College News and Departmenal Notes: Professor Thorndikes's Psychological Work in the Army
by Departmental notes - 1919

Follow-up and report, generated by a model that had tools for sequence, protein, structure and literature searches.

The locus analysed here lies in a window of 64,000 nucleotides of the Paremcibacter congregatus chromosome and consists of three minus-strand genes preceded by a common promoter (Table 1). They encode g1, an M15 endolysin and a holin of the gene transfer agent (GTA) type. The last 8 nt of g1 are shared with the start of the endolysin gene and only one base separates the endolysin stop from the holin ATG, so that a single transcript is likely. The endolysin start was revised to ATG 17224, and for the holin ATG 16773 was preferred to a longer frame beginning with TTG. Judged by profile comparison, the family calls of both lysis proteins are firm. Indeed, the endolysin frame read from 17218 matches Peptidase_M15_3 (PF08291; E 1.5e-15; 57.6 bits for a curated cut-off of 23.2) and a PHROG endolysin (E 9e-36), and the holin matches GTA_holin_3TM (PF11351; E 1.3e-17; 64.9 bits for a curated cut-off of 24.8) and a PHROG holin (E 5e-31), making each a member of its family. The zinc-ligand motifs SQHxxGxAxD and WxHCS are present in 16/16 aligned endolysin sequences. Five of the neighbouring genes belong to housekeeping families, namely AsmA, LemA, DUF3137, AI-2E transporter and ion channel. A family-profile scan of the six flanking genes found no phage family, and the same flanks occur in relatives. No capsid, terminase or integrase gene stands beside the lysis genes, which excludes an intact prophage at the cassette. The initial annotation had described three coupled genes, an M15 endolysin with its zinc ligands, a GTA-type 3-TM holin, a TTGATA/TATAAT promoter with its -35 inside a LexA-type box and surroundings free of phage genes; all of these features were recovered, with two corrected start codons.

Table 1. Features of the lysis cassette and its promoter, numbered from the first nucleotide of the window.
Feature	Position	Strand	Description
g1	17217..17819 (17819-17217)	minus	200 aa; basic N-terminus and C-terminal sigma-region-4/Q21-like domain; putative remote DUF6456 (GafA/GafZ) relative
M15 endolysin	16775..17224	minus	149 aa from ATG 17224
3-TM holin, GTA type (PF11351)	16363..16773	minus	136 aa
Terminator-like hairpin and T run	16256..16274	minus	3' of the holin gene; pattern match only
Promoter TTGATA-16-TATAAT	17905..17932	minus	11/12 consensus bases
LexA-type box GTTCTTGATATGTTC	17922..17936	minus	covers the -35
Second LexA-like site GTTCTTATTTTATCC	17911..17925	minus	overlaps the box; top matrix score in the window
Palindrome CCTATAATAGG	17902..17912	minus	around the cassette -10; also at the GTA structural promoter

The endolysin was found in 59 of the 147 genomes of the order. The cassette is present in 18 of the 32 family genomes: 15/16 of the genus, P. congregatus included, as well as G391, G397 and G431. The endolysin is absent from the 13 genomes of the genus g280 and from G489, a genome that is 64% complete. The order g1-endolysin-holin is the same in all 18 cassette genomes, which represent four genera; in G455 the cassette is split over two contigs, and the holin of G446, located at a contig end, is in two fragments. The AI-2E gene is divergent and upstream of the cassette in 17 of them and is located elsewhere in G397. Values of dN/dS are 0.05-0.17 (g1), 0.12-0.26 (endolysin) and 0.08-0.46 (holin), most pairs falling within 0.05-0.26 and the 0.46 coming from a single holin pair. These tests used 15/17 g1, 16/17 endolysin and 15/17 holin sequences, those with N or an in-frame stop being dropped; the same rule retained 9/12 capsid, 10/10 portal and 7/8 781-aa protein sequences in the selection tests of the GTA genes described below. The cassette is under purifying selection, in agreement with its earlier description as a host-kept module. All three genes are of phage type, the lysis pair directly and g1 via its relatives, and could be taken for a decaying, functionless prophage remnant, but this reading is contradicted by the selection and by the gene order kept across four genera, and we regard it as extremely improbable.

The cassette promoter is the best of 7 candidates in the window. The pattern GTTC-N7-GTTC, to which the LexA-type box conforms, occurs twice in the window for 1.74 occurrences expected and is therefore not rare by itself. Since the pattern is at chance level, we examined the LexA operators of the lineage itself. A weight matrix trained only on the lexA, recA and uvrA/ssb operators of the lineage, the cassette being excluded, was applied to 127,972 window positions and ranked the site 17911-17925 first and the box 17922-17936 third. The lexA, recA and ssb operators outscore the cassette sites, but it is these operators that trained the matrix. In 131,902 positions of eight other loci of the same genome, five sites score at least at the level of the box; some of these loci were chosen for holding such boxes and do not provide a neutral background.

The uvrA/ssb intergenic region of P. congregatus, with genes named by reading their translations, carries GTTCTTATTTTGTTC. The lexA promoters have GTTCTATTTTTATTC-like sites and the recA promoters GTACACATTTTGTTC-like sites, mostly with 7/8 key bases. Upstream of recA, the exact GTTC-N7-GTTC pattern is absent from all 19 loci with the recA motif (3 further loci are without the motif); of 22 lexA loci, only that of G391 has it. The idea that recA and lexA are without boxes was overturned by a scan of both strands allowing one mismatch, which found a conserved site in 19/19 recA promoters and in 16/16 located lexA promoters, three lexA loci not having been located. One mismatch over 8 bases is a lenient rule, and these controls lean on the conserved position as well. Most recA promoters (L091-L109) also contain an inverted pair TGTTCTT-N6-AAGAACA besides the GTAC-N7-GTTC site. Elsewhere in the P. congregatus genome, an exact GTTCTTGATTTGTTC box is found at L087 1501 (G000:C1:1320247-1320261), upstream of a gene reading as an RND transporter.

Professor Thorndike has been associated with various scientific and military activities in connection with the war since the spring of 1917. As a member of the psychology committee of the National Research Council, he had charge of the early statistical work with the psychological tests which have since been given to over a million and a half men in the army. This work was done at Teachers College in July and August, 1917. He became a member of the advisory board of the division of psychology in the office of the Surgeon General, which, with Major Yerkes as chief, was charged with the development and administration of these tests. Since September, 1917, he has been a member of the Committee on Classification of Personnel in the Army. This committee, working first under the Adjutant General, and later under the General Staff, has devised and operated plans for the rating and classification of officers, and for the placement and transfer of soldiers. Through the personnel adjutants, nearly a million men have been placed originally or transferred later to forms of military work for which they were specially fit. This work is an integral part of the military organization and will doubtless be maintained under peace conditions. Its work in the development of trade-tests is now being extended to meet the needs of the department of labor.
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